I’m not sure if Lauren Auder is this nineteen-year old’s real name or if the artist’s parents work for the police or as judges and just got a bit carried away. But irrespective of the moniker Lauren is not making the sort of music you’d necessarily expect of someone of this age. As soon as you see the words ‘inspired by the work of twentieth-century composer Maurice Durufle’ it’s pretty easy to guess that this debut song, The Baptist, released through the True Panther Sounds label isn’t going to be your typical autotuned piece of Spotify friendly pop, nor is it going to be celebrating drinking champagne in da club. That guess would be right.
Actually, Lauren’s parents don’t work for the police. In fact, according to an interview he did last year with Noisey they both come from a music journalism background. His mum used to work for the NME and his dad for Karrang, although he refused to name who they were. So maybe it isn’t entirely surprising that Lauren’s music isn’t from the mainstream if he grew up in an environment that was probably exposed to an awful lot of sounds at a young age.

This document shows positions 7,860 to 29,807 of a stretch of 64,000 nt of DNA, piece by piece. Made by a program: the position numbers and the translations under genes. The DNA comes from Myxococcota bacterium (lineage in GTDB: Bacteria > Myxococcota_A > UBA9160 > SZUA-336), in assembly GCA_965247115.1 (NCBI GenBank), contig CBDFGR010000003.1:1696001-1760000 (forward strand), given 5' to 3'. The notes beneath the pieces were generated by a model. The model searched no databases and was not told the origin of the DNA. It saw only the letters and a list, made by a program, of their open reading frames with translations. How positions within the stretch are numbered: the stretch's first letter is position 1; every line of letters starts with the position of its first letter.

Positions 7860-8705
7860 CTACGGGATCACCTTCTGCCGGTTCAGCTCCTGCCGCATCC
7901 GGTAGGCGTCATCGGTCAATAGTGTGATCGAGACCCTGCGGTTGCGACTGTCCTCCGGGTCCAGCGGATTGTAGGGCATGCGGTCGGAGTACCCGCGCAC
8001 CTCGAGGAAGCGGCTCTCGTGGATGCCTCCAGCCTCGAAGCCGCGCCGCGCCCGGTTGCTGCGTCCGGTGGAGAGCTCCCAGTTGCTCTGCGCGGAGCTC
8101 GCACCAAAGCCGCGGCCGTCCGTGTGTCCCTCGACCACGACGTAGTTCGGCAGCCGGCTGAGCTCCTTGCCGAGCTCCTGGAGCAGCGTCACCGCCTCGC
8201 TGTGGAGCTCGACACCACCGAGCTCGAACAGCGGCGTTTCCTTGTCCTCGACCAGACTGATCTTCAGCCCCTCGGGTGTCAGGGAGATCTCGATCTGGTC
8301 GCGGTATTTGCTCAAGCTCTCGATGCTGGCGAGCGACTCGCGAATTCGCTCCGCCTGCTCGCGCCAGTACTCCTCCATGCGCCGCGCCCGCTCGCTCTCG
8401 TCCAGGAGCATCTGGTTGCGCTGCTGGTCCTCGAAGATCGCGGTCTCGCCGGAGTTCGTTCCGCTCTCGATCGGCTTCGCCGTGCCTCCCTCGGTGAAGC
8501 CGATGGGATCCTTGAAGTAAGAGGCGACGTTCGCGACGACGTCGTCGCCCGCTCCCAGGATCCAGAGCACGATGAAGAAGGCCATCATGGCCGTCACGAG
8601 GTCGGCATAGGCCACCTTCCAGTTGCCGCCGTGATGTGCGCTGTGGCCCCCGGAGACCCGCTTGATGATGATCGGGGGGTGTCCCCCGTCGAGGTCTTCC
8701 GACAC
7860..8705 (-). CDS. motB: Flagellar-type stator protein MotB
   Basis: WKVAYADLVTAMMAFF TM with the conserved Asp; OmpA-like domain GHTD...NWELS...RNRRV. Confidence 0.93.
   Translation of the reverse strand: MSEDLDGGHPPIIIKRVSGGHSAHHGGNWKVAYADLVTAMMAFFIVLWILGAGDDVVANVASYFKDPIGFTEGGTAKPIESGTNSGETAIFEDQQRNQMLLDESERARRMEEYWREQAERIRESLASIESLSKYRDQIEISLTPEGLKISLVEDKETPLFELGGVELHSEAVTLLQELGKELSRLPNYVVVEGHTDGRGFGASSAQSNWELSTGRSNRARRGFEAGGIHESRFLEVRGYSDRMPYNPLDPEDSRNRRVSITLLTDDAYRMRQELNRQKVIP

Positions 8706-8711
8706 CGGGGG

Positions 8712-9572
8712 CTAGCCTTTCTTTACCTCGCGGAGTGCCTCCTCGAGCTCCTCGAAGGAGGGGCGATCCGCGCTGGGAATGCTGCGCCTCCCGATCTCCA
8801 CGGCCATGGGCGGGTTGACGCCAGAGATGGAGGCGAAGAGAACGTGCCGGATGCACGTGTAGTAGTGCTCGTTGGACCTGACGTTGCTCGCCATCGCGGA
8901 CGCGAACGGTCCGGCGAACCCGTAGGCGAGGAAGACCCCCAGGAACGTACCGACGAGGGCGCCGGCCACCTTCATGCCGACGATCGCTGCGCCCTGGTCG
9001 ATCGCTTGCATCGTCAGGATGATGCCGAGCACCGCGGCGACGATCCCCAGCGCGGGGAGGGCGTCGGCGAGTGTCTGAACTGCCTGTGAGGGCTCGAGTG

So, what does The Baptist sound like? It’s a slow-core piece of beauty. Gentle reflective piano sounds and cello provide the soundtrack for a mournful voice, which has some similarity to King Krule, as Auder sings. “If Christ died for me one time for my crimes, I doubt he would again.” It’s music for the thoughtful, the contemplative and those on the outside. It sounds refreshingly unique.
Lauren Auder - The Baptist